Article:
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Rise Up by Anthony B

Rise Up by Anthony B

Rise Up by Anthony B

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Business as usual for the Anthony B Frenchie alliance.


Anthony B’s striking yet limited delivery is less suited to the album experience than the short, sharp shock of a killer 45. But, while he’s no student of the bel-canto, his passion, grit and consistently meaningful lyrics (in his roots output at least) have ensured his status as a modern reggae great.

Anthony B - Rise upHis new release continues his association with London-based Parisian producer Frenchie, for whom he cut 2004’s 'Powers Of Creation', 2005’s 'Black Star' and 2007’s 'Higher Meditation'. Of these 'Black Star' felt the most like a fully unified album, and therefore sets the standard for the duo’s work.

Frenchie loves remaking vintage rhythms as much as building new ones, and for this reason could be described as a European answer to Massive B’s Bobby Konders. Unlike Konders, Frenchie’s creations are a sometimes-jarring split between organic (live instrumentation) and brightly synthetic (usually synthesised string) elements. Some may come out better than others, but each is distinctive in its sound.

'Rise Up' bears all the hallmarks of the Frenchie/B partnership. There are collaborations: with Horace Andy on Enter The Kingdom of Zion, with Lukie D on Be Wise (which appeared on Lukie’s 'Deliver Me' album) and Chezidek (on Better Haffi Come). There are retreads of established rhythms like Party In Session, Blackboard Jungle and General Penitentiary, over which, Anthony barks out strong couplets like “I was a slave working for Backra, now them vex to see me own the plantation and tractor” for big UK sound system style herb tune Nothing But The Highest. And there is plenty of tough, less familiar material like Iley Iley Iley Selassie I, whose 70s Hammond organ and swooping faux-cello showcase the producer’s old-meets-new approach at its best. Occasionally Anthony overstretches himself, holding the notes on Rise Again until the chorus becomes a dirge, but mostly he gets the balance of shouting and strained - surprisingly emotive - singing just right.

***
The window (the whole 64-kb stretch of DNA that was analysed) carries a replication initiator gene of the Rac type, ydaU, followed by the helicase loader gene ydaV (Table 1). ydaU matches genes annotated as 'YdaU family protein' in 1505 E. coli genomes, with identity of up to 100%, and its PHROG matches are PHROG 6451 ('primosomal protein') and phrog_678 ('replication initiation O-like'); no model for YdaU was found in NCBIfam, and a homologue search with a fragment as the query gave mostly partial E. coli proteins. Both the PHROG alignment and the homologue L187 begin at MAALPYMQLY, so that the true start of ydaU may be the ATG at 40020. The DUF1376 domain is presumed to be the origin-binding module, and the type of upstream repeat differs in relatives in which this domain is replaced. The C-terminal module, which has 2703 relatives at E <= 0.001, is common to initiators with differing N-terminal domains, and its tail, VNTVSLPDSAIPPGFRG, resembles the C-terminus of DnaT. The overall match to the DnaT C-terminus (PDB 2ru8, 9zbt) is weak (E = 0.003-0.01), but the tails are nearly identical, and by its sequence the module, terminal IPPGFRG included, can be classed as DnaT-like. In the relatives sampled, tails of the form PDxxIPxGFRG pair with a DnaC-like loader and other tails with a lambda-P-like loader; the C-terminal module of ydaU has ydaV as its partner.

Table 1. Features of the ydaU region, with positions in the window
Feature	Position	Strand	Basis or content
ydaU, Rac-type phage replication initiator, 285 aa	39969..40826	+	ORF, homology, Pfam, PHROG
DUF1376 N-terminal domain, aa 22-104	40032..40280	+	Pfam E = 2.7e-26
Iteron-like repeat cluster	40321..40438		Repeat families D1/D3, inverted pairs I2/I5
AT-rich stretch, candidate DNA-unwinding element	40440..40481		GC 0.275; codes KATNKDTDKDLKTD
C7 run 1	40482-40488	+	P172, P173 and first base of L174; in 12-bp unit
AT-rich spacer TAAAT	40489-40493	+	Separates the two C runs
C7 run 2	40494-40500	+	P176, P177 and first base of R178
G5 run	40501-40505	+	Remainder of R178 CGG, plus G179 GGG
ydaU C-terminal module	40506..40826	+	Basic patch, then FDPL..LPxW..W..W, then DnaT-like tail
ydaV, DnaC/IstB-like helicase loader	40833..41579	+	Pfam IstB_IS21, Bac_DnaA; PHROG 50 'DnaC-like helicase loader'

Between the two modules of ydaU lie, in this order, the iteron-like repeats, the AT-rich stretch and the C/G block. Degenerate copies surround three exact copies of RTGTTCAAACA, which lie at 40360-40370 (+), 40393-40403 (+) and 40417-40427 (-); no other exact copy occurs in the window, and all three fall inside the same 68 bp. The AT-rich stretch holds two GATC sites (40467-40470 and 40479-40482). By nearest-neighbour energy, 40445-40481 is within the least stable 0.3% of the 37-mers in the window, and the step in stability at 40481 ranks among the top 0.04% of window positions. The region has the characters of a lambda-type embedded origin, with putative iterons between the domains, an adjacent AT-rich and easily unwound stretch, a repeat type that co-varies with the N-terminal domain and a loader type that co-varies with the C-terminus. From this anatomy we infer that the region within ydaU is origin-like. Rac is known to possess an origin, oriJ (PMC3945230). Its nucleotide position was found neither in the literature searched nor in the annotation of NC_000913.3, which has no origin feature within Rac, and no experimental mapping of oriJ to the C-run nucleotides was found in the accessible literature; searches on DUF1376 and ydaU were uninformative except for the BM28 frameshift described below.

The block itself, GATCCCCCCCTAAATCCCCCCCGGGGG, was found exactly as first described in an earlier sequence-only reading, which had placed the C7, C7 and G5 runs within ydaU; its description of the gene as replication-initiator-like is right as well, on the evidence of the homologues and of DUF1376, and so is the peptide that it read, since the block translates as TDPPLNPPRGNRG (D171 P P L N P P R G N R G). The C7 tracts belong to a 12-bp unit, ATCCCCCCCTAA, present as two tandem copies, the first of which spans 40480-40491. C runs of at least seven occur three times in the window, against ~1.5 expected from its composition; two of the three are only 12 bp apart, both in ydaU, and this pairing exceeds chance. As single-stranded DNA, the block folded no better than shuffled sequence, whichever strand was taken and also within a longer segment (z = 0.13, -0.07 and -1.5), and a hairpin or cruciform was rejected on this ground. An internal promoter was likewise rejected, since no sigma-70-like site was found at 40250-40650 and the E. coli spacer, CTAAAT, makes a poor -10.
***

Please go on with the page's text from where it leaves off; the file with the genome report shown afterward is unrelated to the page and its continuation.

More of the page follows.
Anthony B has been criticised of late for straying too far from the conscious path. 'Rise Up', though not as consistent as 'Black Star', should satisfy the critics that he maintains his roots.

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Read comments (1)

Posted by kay on 07.25.2010
Its laughable to say Anthony Bishop is a limited deliverer. However opnions may vary depending on tastes and thus critique is also prone to bias. Whatever might be said of The artist, Rise up is yet more testament to the avid reggea roots lover that the bishop has not forgotten his flock...

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